It could have been planned or it might be accidental. When it happens, it is wrong. It can deny voters the representation they deserve in the provincial legislature or in the House of Commons. It happened in my riding in the 2012 redistribution in Ontario and has been left in the proposed 2022 redistribution.
It was not until I worked on the recount in Barrie—Springwater—Oro-Medonte after the 2015 federal election that I realized the problem could be best defined as an error impacting both rural and urban voters in the electoral district.
As someone who has worked for both political parties and returning officers in federal and provincial elections, I have always appreciated that the distribution most often attempts to collect urban voters separate from rural voters. This commonality of interest helps our political representatives to better reflect the needs and concerns of their voters.
That is why I was concerned in 2012 when the City of Barrie with a population a bit larger than the average electoral district was split in half and linked to parts of the surrounding rural townships. With the continued planned growth in Barrie over the ensuing ten years, the city is now virtually the only city of its size or larger in Ontario that does not have a purely urban electoral district within city boundaries.
This situation is unfair to the rural areas as the larger population in the city areas tends to determine the representation. In the 2015 federal election, for example, the two Barrie representatives elected were former city councillors who were selected by the larger number of voters in the urban parts of the electoral districts.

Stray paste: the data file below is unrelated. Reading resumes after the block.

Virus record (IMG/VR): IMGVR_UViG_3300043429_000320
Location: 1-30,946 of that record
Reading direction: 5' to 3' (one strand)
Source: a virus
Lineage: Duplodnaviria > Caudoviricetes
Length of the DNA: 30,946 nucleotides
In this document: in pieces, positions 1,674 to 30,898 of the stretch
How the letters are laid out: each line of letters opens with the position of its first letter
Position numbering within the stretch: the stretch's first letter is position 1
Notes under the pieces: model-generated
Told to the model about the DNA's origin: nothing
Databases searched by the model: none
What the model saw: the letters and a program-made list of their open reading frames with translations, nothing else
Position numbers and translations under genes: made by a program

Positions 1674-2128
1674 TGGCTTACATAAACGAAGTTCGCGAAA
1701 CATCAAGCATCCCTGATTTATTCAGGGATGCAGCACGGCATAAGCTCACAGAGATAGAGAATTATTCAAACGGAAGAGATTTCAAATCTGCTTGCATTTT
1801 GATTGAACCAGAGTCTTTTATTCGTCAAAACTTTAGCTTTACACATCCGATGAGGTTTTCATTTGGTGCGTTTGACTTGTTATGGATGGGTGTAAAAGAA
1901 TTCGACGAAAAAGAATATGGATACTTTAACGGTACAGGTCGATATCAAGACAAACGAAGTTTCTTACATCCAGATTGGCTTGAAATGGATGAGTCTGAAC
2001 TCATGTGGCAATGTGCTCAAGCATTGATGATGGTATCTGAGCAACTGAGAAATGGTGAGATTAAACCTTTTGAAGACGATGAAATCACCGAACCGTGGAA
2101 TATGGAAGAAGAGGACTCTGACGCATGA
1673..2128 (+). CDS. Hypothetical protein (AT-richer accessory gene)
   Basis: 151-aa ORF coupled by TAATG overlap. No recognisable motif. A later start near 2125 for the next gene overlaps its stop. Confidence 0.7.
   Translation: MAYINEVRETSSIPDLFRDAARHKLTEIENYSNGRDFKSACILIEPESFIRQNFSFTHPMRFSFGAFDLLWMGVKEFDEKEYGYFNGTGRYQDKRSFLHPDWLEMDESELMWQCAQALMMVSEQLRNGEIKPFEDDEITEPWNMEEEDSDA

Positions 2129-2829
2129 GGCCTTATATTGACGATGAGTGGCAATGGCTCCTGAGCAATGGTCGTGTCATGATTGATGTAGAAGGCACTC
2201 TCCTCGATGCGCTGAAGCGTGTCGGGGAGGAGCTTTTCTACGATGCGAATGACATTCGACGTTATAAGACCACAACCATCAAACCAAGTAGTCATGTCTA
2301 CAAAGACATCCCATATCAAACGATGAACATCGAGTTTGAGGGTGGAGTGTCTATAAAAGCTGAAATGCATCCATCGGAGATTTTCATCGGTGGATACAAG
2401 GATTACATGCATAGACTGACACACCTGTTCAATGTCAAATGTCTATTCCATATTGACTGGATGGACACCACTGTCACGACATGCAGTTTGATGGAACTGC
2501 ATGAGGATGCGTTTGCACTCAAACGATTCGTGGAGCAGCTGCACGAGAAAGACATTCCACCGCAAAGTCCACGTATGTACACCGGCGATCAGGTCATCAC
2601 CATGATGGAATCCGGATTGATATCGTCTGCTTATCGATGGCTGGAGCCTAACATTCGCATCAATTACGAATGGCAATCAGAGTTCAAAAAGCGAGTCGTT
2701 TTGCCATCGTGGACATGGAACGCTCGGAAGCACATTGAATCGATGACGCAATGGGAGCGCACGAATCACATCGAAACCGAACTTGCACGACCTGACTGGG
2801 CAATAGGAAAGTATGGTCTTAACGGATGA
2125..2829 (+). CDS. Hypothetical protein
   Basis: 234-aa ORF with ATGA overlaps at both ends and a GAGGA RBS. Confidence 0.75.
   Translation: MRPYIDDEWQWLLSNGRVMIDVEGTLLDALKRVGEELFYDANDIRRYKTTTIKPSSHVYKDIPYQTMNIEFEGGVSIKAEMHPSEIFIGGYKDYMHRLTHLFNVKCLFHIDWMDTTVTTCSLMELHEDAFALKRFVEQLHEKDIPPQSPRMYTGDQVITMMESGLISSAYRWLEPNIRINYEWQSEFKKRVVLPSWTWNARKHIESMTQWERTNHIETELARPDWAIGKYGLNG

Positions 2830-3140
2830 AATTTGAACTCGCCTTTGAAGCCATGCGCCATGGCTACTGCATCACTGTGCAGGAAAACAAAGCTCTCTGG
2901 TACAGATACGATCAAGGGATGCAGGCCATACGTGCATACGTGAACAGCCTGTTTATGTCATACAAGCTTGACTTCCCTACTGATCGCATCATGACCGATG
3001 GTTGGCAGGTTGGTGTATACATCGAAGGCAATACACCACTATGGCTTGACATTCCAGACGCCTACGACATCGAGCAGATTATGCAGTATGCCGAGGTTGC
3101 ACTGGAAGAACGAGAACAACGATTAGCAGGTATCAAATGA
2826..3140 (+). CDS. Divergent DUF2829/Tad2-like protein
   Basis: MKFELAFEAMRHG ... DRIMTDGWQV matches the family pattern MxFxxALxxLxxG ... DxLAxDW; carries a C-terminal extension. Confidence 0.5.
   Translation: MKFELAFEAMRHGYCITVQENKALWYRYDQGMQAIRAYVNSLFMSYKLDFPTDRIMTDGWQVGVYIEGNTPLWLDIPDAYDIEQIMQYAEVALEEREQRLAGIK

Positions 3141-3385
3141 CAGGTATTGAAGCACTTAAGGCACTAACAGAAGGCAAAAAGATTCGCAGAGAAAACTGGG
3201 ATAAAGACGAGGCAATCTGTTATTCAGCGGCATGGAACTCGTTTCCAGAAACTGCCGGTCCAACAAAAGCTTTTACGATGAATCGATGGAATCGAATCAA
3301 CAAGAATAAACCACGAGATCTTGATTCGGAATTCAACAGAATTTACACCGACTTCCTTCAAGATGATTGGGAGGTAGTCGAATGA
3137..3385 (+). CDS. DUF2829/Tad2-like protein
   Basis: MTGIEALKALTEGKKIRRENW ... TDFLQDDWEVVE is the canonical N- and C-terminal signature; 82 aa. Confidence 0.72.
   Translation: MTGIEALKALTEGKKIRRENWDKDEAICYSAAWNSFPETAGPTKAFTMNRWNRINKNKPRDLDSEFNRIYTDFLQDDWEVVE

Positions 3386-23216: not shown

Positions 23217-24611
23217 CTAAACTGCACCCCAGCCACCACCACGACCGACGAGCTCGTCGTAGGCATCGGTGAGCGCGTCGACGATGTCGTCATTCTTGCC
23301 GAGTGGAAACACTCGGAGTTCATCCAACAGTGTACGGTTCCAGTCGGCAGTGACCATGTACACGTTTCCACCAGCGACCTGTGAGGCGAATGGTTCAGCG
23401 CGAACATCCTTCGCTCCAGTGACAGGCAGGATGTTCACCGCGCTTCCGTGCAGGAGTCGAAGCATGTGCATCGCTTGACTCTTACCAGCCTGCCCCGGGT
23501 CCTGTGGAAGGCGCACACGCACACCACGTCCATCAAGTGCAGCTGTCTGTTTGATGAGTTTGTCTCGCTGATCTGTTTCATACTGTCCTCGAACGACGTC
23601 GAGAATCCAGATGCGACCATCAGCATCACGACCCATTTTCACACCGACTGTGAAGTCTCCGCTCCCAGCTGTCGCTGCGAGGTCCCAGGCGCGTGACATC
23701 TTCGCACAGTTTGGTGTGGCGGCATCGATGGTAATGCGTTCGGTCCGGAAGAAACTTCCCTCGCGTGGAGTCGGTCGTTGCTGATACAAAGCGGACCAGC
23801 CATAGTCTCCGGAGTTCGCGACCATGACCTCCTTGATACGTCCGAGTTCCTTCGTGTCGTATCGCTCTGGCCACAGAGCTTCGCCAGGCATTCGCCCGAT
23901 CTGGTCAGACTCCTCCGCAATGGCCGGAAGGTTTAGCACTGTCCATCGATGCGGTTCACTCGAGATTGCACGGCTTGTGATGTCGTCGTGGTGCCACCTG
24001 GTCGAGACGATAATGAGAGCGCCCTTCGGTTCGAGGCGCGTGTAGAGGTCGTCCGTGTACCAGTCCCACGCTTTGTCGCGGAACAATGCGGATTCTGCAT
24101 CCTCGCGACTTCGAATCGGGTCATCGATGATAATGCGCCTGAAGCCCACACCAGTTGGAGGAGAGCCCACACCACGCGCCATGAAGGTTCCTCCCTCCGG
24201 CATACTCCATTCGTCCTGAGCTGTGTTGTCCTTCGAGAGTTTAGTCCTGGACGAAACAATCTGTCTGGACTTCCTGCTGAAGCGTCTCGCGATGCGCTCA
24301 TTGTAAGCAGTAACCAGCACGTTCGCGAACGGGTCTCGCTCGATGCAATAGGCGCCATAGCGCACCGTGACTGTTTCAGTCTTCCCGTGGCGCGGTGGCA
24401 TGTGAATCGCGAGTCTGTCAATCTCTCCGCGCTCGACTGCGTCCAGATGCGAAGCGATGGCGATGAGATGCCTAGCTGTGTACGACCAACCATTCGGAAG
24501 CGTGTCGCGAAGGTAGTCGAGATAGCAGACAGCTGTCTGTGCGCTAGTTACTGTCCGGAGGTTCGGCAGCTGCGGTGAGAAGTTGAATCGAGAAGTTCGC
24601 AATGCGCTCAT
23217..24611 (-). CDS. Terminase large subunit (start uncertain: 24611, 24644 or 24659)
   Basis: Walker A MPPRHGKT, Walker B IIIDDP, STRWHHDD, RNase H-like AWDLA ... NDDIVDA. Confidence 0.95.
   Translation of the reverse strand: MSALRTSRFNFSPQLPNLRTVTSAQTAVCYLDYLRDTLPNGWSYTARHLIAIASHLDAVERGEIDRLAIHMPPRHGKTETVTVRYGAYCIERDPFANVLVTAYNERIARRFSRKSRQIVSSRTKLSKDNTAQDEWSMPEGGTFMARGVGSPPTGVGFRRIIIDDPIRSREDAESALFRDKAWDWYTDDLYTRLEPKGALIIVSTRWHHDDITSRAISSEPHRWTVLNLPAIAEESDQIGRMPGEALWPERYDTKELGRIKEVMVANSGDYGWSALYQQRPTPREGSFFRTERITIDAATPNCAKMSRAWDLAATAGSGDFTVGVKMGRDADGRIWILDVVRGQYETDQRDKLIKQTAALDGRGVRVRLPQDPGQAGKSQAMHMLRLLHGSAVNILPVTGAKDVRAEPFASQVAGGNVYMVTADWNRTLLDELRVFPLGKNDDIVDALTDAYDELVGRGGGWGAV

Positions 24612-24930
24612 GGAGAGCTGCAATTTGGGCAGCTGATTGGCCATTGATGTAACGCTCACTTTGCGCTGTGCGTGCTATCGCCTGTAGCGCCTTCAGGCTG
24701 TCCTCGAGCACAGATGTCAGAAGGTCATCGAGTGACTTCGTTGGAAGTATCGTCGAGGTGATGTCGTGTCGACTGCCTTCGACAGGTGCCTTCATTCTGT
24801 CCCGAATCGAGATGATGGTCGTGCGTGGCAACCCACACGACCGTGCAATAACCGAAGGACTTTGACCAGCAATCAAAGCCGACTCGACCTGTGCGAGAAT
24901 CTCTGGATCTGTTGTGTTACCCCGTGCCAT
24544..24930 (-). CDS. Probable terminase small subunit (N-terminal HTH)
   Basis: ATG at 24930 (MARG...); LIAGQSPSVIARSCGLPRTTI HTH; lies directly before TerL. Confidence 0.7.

It seems to me that the situation can be easily corrected by the solution used in Map 3 of the redistribution for the City of Guelph, which has about the same population as Barrie. The Guelph electoral district is surrounded by Wellington-Halton riding. It would be easy to connect Springwater, parts of Oro-Medonte and Essa Townships with Innisfil Township into a largely rural electoral district. This means most of the south end of Barrie can be included in the city electoral district.
I would encourage all readers in the affected areas give this some thought and maybe you have a better suggestion. We can have our say on distribution. It is an important part of the democratic process. So please speak up.
Copyright 2022 © Peter Lowry
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